On 26 June the Helm and Mugford formed TU 76.2.1, and then escorted a convoy of LSTs carrying troops to Woodlark Island, where they landed on 1 July. The Helm then spent the rest of the month escorting further convoys of LSTs to Woodlard Island, before moving to Milne Bay, New Guinea, on 7 August.

On 3 July 1943 the Helm and the Australian destroyer HMAS Arunta met the cruiser Phoenix in the China Strait as she returned from an overhaul in Philadelphia, and escorted her into Milne Bay.

On 6-7 December the Helm trained with the Australian-American TF 74 in the Coral Sea.

On 24 December the Helm left Milne Bay as part of Admiral Crutchley’s TF 74 to take part in the attack on Cape Gloucester on New Ireland. She took part in the pre-invasion bombardment on 26 December then carried out close support missions to support the fighting on shore.

1944

At the start of 1944 the Helm supported the landing at Saidor on 2 January, which saw the Americans bypass a strong Japanese position further to the east. She then continued her escory duties around Guadalcanal and Milne Bay into mid February.

On 19 February the Helm and Mugford left Tulagi to escort three merchant ships to Pearl Harbor, arriving on 24 February. The two destroyers then continued on to the US West Coast. The Helm escorted the Maryland and the two arrived at Mare Island Navy Yard on 4 March.

The Helm left San Francisco on 5 May, presumably after a brief refit and overhaul. She arrived at Pearl Harbor on 10 May where she took part in refresher training, then reached Kwajalein on 7 June to join Task Force 58 (Admiral Mitscher), which was about to take part in the invasion of the Marianas. She sailed with the task force as part of the screen for the fast carrier forces. From 11-13 June they guarded the western approachs of the islands to block any Japanese reinforcements. They then took part in a strike on the Bonin Islands, before returning in time to take part in the battle of the Philippine Sea, which saw a massive Japanese aerial assault on the US fleet defeated at great cost to the Japanese. They were never able to rebuild their naval aviator forces, which had a massive impact on the final major battle at sea at Leyte Gulf.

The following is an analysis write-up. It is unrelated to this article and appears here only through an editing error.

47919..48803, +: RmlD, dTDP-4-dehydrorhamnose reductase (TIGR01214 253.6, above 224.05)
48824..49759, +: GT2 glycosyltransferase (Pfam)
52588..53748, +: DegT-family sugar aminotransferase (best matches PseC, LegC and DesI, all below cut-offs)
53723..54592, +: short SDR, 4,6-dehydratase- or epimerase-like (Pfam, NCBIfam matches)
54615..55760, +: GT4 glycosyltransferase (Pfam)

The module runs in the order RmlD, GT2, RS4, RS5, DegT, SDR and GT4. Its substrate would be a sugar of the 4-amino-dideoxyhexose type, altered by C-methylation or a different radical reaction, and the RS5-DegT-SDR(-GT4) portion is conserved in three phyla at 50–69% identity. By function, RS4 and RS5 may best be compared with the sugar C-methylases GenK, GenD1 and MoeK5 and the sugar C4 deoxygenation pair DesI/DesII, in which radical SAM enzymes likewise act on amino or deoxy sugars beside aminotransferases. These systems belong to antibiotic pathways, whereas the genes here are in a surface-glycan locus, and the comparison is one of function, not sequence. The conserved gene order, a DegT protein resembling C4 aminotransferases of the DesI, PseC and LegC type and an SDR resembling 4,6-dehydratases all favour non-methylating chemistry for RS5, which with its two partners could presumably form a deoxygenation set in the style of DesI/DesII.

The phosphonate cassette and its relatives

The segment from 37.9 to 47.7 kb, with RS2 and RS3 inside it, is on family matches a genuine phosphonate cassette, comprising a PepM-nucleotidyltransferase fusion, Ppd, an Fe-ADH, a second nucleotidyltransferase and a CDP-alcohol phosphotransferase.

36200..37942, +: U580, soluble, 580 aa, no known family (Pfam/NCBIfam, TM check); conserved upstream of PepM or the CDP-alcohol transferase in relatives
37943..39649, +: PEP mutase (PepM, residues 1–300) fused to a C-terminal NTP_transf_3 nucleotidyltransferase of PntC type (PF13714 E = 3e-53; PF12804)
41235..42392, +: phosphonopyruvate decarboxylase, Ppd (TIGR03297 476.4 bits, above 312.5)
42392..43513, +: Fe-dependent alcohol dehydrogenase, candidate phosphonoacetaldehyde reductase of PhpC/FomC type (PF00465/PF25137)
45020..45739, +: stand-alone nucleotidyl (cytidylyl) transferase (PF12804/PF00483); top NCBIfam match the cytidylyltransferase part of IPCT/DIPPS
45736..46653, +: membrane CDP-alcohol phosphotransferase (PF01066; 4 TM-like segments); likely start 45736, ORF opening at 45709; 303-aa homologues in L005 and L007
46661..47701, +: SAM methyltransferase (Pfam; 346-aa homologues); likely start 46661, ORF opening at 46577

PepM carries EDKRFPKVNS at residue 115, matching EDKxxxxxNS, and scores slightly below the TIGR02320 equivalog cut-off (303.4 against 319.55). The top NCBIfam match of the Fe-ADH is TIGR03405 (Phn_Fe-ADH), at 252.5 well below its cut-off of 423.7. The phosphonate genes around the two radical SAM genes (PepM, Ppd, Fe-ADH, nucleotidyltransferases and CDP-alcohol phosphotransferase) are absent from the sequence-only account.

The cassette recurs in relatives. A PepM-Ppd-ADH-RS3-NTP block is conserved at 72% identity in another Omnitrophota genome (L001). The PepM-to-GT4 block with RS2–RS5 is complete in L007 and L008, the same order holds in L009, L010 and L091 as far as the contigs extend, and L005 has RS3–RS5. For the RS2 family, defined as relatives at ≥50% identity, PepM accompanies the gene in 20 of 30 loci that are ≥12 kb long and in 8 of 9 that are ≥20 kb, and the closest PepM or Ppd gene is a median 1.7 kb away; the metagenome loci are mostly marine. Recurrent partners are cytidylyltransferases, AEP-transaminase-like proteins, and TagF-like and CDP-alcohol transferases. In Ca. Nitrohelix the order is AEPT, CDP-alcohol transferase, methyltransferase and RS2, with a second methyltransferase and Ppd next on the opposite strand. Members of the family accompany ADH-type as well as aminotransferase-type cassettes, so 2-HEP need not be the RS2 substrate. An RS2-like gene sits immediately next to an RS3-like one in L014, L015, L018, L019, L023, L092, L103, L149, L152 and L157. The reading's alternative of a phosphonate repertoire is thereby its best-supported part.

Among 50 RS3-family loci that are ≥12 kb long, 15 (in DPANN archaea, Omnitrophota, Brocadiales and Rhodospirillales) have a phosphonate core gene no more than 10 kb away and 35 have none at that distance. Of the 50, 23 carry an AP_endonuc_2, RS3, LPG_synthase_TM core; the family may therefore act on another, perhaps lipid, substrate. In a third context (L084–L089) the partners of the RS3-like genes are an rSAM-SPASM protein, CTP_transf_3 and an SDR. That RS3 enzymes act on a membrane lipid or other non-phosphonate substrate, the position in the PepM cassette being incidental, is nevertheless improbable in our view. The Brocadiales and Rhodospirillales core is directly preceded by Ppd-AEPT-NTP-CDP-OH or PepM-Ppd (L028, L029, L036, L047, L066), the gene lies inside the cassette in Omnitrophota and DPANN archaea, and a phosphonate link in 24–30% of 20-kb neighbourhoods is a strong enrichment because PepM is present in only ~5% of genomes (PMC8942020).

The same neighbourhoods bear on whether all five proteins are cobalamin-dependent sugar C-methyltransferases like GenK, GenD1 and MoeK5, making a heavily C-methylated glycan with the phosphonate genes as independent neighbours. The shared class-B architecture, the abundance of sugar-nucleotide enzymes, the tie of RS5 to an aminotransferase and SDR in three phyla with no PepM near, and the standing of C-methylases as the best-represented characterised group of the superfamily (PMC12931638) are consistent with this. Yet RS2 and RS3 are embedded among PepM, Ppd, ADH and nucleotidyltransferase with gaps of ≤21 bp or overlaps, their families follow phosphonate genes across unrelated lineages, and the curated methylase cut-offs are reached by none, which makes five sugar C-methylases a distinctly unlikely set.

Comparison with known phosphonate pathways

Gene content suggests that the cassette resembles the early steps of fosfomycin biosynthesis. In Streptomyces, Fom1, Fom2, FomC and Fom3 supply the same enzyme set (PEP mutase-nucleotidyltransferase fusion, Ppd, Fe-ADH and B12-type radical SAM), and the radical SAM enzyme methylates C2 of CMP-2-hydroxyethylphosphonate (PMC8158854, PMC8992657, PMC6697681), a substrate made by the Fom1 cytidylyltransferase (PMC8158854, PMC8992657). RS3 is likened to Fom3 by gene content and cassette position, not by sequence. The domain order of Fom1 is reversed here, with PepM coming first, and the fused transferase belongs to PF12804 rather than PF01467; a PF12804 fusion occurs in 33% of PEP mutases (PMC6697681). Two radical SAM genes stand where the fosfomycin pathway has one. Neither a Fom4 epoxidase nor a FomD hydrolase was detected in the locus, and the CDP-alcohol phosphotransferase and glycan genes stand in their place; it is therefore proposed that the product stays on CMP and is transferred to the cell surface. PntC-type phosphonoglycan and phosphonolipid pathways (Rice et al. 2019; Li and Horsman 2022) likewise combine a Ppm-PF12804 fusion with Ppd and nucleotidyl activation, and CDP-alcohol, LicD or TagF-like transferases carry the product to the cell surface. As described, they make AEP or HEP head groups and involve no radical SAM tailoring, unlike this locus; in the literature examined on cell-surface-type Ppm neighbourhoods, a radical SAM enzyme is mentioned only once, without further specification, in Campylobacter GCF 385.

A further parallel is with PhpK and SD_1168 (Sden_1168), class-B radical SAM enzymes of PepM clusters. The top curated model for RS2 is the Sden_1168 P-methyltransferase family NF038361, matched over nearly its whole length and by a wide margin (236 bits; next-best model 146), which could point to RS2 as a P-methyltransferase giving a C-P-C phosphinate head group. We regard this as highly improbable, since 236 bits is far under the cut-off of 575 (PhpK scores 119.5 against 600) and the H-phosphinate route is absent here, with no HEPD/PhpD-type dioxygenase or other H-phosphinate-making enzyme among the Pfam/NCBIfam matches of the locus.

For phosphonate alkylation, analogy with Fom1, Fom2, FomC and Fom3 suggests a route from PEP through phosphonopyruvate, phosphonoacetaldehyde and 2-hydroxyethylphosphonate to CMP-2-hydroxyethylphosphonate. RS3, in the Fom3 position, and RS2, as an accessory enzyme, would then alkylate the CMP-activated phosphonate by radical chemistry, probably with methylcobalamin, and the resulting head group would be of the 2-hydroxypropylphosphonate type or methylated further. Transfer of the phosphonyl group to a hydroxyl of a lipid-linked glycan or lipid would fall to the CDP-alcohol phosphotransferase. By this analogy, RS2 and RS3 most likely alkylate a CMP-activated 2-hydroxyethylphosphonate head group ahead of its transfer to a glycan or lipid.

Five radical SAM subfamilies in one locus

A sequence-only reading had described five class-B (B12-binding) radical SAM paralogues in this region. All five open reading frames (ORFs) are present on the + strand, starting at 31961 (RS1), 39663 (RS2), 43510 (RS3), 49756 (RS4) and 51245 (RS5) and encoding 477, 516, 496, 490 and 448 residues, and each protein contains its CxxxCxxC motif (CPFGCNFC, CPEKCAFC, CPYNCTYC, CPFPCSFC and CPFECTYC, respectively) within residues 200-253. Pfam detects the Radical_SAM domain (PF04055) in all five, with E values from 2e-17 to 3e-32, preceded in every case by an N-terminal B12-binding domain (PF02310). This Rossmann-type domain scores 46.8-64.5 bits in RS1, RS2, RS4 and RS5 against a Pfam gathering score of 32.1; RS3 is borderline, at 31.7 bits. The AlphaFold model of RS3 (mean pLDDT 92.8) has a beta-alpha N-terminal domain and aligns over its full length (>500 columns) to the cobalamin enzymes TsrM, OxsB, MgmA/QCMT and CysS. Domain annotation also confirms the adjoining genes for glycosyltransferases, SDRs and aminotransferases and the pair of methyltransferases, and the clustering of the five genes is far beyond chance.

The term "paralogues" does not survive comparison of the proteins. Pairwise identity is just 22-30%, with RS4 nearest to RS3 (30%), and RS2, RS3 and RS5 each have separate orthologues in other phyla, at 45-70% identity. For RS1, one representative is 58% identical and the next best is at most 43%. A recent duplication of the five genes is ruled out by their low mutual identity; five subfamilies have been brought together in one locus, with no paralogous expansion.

On 8 July the Helm rescued five Japanese airmen whos aircraft had been shot down while attacking the US fleet off Guam.

On 9 July Helm and Oakland (CL-95) were used to rescue pilots from the seas off Guam and to bombard targets on the Orote Peninsula.

The Helm spent the next two months operating with the fast carriers as they raided Japanese bases in the Bonin and Volcano Islands, the Palau Islands, Iwo Jima and supported the invasion of Guam. On 2 September she sank two Japanese ships off Iwo Jima, possibly two cargo ships or a cargo ship and a patrol vessel.

On 24 September the Helm and her carrier group sortied from Seeadler Harbor. After an attack on the Palaus the task force, now with seventeen aircraft carriers, carried out a strike on Okinawa (10 October), followed by three days of attacks on Formosa, which largely destroyed what was left of Japanese air power on the island. However the Japanese were still able to strike back, and on 13 October the Helm shot down on Japanese bomber and helped shoot down several others. The task force then returned to the Philippines and attacked air bases on the east coast of Luzon to prevent aircraft based there interfering during the invasion of Leyte.

The invasion of Leyte triggered the final major naval battle in the Pacific, the battle of Leyte Gulf. The Japanese split their fleet into three, with the carriers used as a diversionary force in the north in the hope that the Americans would dash north and leave their transports vulnerable. The central force, with the heaviest battleships, would then emerge from the San Bernardino Strait and destroy the transports. The plan almost worked, but still ended as a massive defeat for the Japanese.

The Helm was part of Task Group 38.4 during the battle of the Sibuyan Sea (24 October 1944), in which American carrier aircraft sank the giant battleship Musashi and temporarily forced the Japanese central force to turn back.

This helped convince Admiral Halsey that he was free to dash north on the following day to attack the Japanese carriers (battle of Cape Engano, 25 October 1944), and the Helm accompanied his carriers. The Americans sank four Japanese carriers but they were only a decoy as they carried almost no aircraft. Instead the main danger came in the centre, where the central force had turned back once again and emerged from the San Bernardino Strait. Once out they attacked the escort carriers of Taffy 3, but a skilful defence largely thwarted the Japanese who eventually withdrew, missing a chance to attack the vulnerable transport ships (battle of Samar). Admiral Halsey eventually turned south to try and intercept the Japanese, but without success. However despite this one blemish, the battle of Leyte Gulf had been a massive American victory, effectively ending Japanese naval power.